Reading this sophisticated thriller is definitely addictive. Sharon Potts has taken us into a nightmare world where the past and present collide and where evil eventually has a name and a face. The author imagines a woman whose irrational sense of guilt has frozen her emotional life. Now in her nineties, Lillian Campbell (whose earlier identities we will come to know), had been a distant mother to her daughter, Dorothy, who in turn had difficulty being a loving mother to her daughter, Kali. There is evidence that Dorothy’s death, many years ago, was possibly a suicide. 

The novel’s protagonist, artist and book illustrator Kali Miller, was raised by Lillian after Dorothy’s death, but it was a cold relationship. Kali, now married and pregnant, is determined to know more about her secretive grandmother in order to know more about herself. She also feels responsible for looking after the frail, fading, and haunted woman, who is her only blood relative.

The artistic challenge of “The Devil’s Madonna,” brilliantly met, is to take readers into Lillian’s tormented memories and nightmares. Often enough, Lillian confuses these visions with her present, conscious perceptions. Sometimes, she speaks or sings eerily in Yiddish. Always guarded, she is more and more fearful of intruders who would discover long-hidden truths and enact some kind of vengeance. The author’s achievement in taking us into Lillian’s thoughts, emotions, and recollections of her mysterious past in Nazi Germany is spectacular.

Sharon Potts

The flashbacks and nightmares reveal Lillian’s distant past as an Austrian child (Ilse Strauss) and later as a gorgeous young woman in Berlin going by her stage name Leli Lenz (she had yet other identities before becoming Mrs. Harry Campbell). Blonde and blue-eyed, Leli’s Jewish genes had been well disguised, but now the aged, tormented Lillian has been driven to exorcise her demons in an unusual way: she fills her home with dozens of Yarhzeit (memorial) candles, fulfilling the Jewish tradition of honoring the souls of the departed. In the process, she almost burns the house down.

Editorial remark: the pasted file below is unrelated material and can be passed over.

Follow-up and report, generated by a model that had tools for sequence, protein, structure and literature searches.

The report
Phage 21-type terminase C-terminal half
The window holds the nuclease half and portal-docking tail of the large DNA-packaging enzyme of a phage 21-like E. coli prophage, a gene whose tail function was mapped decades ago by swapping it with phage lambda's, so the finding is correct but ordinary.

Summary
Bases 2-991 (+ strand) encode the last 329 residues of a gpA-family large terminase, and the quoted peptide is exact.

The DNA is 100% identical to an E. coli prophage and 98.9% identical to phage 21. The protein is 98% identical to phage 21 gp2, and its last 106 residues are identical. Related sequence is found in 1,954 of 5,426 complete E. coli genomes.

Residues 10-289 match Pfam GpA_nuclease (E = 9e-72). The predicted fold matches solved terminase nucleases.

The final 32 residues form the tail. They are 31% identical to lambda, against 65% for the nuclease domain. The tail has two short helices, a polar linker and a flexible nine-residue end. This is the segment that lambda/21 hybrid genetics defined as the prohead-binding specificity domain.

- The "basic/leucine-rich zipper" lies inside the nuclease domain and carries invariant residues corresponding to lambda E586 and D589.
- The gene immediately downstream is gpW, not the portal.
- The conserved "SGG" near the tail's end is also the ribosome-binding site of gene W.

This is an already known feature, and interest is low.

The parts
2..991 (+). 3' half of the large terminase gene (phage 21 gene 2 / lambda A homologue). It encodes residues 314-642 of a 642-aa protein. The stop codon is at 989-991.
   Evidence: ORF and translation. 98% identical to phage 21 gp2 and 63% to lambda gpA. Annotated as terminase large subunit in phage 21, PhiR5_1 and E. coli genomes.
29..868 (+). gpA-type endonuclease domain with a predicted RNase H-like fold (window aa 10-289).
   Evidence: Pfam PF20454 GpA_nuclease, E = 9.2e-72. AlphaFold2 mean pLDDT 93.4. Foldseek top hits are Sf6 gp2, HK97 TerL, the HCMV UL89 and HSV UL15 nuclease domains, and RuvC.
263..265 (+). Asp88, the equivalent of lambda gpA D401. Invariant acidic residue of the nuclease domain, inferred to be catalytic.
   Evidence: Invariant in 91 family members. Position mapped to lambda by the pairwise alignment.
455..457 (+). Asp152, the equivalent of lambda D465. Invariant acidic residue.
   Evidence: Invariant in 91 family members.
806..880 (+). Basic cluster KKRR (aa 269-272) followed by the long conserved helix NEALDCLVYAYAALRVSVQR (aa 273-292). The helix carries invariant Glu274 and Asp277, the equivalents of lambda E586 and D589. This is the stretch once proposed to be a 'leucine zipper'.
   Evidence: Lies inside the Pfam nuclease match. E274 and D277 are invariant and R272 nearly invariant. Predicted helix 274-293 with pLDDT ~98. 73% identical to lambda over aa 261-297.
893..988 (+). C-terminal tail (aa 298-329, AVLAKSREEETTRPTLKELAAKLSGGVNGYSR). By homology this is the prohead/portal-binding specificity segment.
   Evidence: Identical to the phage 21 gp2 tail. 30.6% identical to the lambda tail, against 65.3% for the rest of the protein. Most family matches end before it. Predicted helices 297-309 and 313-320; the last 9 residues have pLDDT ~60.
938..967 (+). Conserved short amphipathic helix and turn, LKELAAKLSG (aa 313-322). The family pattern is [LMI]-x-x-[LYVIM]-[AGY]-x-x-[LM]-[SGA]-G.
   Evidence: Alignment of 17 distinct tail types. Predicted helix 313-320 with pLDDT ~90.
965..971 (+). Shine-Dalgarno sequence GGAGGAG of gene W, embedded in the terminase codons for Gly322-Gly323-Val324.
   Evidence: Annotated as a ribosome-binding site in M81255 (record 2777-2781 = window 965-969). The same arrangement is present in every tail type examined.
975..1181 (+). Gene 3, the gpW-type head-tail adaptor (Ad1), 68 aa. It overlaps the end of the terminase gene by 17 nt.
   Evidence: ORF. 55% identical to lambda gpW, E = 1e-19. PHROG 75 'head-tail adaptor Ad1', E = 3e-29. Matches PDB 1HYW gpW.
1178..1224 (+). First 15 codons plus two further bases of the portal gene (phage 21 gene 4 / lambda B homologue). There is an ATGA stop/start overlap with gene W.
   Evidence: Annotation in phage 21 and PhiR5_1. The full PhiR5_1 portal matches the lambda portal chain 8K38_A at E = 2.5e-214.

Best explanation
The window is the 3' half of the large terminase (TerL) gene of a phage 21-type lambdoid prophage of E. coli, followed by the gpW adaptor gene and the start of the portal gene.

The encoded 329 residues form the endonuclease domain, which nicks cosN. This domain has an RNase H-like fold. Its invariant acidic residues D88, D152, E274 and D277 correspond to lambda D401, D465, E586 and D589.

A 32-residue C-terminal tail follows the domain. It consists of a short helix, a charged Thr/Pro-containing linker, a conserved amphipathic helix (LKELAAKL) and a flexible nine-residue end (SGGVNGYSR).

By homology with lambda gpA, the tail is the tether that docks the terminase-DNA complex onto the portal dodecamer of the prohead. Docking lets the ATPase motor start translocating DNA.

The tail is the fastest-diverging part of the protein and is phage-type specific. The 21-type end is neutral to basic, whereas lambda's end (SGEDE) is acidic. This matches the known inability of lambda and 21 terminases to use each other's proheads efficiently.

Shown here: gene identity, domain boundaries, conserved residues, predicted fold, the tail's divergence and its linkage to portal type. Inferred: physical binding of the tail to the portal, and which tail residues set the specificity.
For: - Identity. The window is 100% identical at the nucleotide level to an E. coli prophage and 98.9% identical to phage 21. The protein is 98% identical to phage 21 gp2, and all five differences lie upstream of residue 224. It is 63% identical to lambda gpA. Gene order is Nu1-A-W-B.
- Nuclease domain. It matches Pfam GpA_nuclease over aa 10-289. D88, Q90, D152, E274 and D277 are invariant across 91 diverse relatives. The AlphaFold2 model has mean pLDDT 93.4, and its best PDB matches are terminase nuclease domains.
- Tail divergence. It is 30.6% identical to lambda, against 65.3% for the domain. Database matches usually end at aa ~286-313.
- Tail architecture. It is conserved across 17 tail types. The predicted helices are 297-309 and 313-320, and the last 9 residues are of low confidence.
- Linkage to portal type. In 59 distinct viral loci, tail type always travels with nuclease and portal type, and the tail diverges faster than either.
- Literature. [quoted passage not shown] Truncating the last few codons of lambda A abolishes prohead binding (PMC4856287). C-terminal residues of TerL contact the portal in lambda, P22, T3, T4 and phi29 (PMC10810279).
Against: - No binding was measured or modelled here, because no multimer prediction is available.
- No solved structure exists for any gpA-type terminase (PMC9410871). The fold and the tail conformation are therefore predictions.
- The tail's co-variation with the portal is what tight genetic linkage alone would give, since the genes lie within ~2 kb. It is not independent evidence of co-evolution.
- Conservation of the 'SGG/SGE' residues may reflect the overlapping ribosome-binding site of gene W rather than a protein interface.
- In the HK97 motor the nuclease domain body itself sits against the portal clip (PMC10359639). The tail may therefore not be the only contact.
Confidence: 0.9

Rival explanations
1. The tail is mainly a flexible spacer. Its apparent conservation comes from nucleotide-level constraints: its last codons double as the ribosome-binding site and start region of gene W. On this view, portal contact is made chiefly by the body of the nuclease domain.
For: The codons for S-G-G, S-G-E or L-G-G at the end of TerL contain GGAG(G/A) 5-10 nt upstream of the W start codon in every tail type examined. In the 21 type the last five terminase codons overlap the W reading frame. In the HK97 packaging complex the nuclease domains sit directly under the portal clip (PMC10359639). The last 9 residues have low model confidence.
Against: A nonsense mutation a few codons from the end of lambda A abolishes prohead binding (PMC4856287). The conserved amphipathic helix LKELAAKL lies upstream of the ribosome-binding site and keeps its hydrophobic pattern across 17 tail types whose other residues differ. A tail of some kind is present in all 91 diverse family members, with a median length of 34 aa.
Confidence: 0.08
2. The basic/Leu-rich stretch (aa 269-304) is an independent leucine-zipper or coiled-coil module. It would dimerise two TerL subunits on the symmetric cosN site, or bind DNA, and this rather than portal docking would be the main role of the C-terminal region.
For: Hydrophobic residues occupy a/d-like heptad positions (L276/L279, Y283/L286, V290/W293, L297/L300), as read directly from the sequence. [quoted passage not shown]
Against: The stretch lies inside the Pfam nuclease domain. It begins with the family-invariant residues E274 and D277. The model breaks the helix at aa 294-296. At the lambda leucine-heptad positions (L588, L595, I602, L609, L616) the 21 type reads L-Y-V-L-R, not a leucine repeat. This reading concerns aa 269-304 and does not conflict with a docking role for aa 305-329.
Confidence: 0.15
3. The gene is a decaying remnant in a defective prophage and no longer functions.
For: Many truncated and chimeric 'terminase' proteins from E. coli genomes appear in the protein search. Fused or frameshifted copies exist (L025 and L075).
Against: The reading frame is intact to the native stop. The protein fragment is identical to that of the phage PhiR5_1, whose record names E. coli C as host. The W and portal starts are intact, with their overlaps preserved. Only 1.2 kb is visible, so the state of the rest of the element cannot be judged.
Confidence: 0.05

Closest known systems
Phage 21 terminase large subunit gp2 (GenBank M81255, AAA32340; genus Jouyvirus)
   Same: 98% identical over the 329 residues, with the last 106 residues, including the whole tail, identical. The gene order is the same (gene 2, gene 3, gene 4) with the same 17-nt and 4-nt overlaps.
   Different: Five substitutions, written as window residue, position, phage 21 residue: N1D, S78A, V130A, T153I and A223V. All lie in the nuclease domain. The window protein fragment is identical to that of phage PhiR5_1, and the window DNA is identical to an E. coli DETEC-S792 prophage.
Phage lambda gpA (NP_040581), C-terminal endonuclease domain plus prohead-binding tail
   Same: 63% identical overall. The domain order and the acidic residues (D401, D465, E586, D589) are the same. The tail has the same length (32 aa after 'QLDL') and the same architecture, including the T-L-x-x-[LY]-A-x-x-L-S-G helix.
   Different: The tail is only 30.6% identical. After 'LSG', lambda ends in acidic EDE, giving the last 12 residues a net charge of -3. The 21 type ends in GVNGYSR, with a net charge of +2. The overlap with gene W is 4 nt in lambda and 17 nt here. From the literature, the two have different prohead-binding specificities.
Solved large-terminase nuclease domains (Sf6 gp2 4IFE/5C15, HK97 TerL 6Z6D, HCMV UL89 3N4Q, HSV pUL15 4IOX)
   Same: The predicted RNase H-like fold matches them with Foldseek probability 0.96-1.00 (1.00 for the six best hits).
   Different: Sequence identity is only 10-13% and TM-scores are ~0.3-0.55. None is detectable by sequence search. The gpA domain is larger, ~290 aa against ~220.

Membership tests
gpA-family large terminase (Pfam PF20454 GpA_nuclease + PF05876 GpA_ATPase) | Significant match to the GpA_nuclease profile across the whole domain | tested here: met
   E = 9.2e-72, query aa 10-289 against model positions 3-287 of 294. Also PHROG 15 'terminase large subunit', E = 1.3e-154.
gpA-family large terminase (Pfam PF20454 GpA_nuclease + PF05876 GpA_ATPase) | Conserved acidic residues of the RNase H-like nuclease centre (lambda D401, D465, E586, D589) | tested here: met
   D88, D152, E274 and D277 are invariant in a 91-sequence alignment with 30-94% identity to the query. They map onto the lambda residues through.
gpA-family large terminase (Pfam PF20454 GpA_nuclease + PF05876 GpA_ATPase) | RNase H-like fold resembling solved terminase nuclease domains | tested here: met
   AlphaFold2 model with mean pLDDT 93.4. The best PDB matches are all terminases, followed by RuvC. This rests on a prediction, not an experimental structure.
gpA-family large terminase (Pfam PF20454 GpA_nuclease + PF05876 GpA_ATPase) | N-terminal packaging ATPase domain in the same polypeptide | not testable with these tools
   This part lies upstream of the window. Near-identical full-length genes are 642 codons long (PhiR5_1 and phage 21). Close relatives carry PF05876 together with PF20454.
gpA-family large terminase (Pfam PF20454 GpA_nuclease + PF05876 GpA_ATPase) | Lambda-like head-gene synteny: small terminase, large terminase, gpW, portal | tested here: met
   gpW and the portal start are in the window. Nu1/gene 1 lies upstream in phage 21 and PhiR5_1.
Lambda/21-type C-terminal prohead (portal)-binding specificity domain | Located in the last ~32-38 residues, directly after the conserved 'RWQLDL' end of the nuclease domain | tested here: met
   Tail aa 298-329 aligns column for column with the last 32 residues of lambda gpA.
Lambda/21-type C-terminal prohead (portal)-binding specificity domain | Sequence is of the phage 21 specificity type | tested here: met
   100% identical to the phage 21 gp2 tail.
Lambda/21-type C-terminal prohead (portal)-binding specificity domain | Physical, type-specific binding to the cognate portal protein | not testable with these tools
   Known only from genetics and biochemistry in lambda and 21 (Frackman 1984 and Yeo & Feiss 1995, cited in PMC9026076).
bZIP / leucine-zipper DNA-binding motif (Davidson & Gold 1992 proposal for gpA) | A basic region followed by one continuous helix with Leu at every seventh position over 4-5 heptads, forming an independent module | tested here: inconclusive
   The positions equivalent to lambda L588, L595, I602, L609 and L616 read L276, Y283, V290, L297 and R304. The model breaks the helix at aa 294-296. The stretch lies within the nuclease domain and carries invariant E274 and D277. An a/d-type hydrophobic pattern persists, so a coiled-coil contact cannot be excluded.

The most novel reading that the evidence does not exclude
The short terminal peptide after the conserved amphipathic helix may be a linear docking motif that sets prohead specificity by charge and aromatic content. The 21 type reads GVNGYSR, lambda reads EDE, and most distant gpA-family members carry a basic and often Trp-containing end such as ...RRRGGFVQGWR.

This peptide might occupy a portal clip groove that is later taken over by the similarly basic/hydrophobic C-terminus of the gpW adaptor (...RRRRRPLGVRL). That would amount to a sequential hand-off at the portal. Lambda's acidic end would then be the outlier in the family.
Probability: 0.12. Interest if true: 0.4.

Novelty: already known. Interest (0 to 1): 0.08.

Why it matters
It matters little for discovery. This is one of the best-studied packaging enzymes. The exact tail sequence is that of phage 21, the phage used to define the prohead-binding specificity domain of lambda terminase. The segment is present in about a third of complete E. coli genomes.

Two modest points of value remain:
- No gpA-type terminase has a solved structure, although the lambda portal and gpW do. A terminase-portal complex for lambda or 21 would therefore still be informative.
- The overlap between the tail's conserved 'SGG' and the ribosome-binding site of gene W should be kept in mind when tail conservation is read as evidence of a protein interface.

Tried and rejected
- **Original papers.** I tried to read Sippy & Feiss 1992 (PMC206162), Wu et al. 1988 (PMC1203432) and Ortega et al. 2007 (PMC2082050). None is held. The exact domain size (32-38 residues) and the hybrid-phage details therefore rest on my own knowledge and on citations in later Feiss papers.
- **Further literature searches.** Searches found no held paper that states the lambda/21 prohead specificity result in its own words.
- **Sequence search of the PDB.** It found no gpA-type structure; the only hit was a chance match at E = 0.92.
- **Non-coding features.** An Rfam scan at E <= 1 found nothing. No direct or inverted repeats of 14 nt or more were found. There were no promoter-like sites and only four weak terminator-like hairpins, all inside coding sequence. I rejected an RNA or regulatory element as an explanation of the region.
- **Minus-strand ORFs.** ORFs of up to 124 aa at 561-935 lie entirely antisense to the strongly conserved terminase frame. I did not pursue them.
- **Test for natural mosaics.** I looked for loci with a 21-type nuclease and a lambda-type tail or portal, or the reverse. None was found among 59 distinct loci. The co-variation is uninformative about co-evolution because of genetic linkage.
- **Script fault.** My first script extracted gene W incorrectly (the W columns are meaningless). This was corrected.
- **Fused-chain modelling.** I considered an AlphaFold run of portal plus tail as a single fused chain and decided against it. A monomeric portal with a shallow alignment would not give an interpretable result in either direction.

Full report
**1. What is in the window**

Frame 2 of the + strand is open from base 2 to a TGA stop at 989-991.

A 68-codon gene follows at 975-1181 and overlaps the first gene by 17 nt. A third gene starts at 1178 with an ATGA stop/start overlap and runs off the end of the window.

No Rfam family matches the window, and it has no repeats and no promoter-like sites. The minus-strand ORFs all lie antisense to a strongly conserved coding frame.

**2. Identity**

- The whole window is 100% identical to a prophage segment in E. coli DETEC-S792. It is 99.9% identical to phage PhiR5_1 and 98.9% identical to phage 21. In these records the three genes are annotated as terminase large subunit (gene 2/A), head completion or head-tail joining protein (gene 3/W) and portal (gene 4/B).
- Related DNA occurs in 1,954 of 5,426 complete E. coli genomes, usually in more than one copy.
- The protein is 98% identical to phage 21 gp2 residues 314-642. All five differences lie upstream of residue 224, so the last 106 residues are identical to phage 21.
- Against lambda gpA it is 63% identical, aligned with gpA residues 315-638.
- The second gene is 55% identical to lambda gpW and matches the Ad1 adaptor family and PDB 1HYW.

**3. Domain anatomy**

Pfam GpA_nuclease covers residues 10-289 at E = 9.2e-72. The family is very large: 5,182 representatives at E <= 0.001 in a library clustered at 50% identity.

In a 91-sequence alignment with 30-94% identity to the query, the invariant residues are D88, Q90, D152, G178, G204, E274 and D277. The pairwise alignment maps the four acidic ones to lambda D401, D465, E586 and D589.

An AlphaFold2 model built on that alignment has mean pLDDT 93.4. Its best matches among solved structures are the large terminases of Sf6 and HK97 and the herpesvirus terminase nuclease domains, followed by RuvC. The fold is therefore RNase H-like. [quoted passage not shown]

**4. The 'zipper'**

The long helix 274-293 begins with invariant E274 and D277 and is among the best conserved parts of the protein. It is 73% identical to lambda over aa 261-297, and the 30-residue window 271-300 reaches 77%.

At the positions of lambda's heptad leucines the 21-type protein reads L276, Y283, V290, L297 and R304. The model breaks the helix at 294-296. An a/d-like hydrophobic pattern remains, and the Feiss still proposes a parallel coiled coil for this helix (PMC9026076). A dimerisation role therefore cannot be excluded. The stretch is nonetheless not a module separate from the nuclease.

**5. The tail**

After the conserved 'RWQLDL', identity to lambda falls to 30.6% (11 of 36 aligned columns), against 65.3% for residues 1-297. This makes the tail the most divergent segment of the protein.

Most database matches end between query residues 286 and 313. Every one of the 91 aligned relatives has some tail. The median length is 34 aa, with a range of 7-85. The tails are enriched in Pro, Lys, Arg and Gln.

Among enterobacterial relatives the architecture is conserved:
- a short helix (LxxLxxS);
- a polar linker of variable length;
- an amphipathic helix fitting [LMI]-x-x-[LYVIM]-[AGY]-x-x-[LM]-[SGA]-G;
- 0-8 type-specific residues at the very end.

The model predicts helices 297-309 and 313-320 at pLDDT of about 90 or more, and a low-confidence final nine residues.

Kali is overwhelmed with the tasks of attending to her grandmother’s dangerous behavior, keeping herself healthy through her pregnancy, and appeasing her childishly dependent husband, Seth, who can’t deal with Kali’s absence when she stays to attend Lillian. Yet Kali is determined to uncover the past, and her grandmother has the keys. . . .

To read this review in its entirety, as it appears in the October 17, 2012 issue of the Fort Myers Florida Weekly,the October 18 Bonita Springs and Space Coast editions, and the October 25 Naples edition, click here: Florida Weekly – Potts Madonna

This review has been reprinted in the July-August 2013 of Federation Star (Jewish Federation of Collier Count), as well as the July 2013 issues of L’Chayim (Jewish Federation of Lee and Charlotte Countes) and The Jewish News (Jewish Federation of Sarasota/Manatee).

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Miami Book Fair International 2012 Update

I just glanced at the growing list of participating authors (presenters and panelists), and it’s enormous. Here are those whose last names begin with “A”:

David Abrams, Fobbit (Grove)
Ibrahim Ahmad, Editor: Akashic Books — Writer’s Institute instructor
Magali Alabau,Volver (Betania)
Andrew Albanese, Meet the Reporters Panel
Gennifer Albin, Crewel (Farrar, Straus and Giroux Books for Young Readers)
Xavier Alcala, Verde oliva (Nawtilus)
Malin Alegria, Border Town #3: Falling Too Fast (Point)
Ramon Alejandro, Adua, la pedagoga (Aduana Vieja)
Martin Amis, Lionel Asbo: State of England (Alfred A. Knopf)
Roberto Ampuero, The Neruda Case (Riverhead Books)  / This author is absolutely great. see my: Washington Independent Review of Books » The Neruda Case

Roberto Ampuero, El último tango de Salvador Allende (Random House Mondadori)
Lori Andrews, I Know Who You Are and I Saw What You Did: Social Networks and the Death of Privacy (Free Press)
Fernando Aramburu,Años lentos (Tusquets)
Guillermo Arango, El año de la pera (Universal)
Jorge Luis Arcos, Kaleidoscopio. La poética de Lorenzo García Vega (Colibri)
Robert Arellano, Curse the Names (Akashic Books)
Homero Aridjis, Los perros del fin del mundo, Noticias de la tierra, Tiempo de angeles (Alfaguara, Random House, Fondo de Cultura Economica)
Jami Attenberg, The Middlesteins (Grand Central Publishing)
Ellis Avery, The Last Nude (Riverhead Books)
Karen Avrich, Sasha and Emma: The Anarchist Odyssey of Alexander Berkman and Emma Goldman (Belknap Press of Harvard University Press)

For the rest of the alphabet, and other developing news, click here:

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“Havanah Requiem,” by Paul Goldstein

Farrar, Straus and Giroux, 320 pages. $26.00.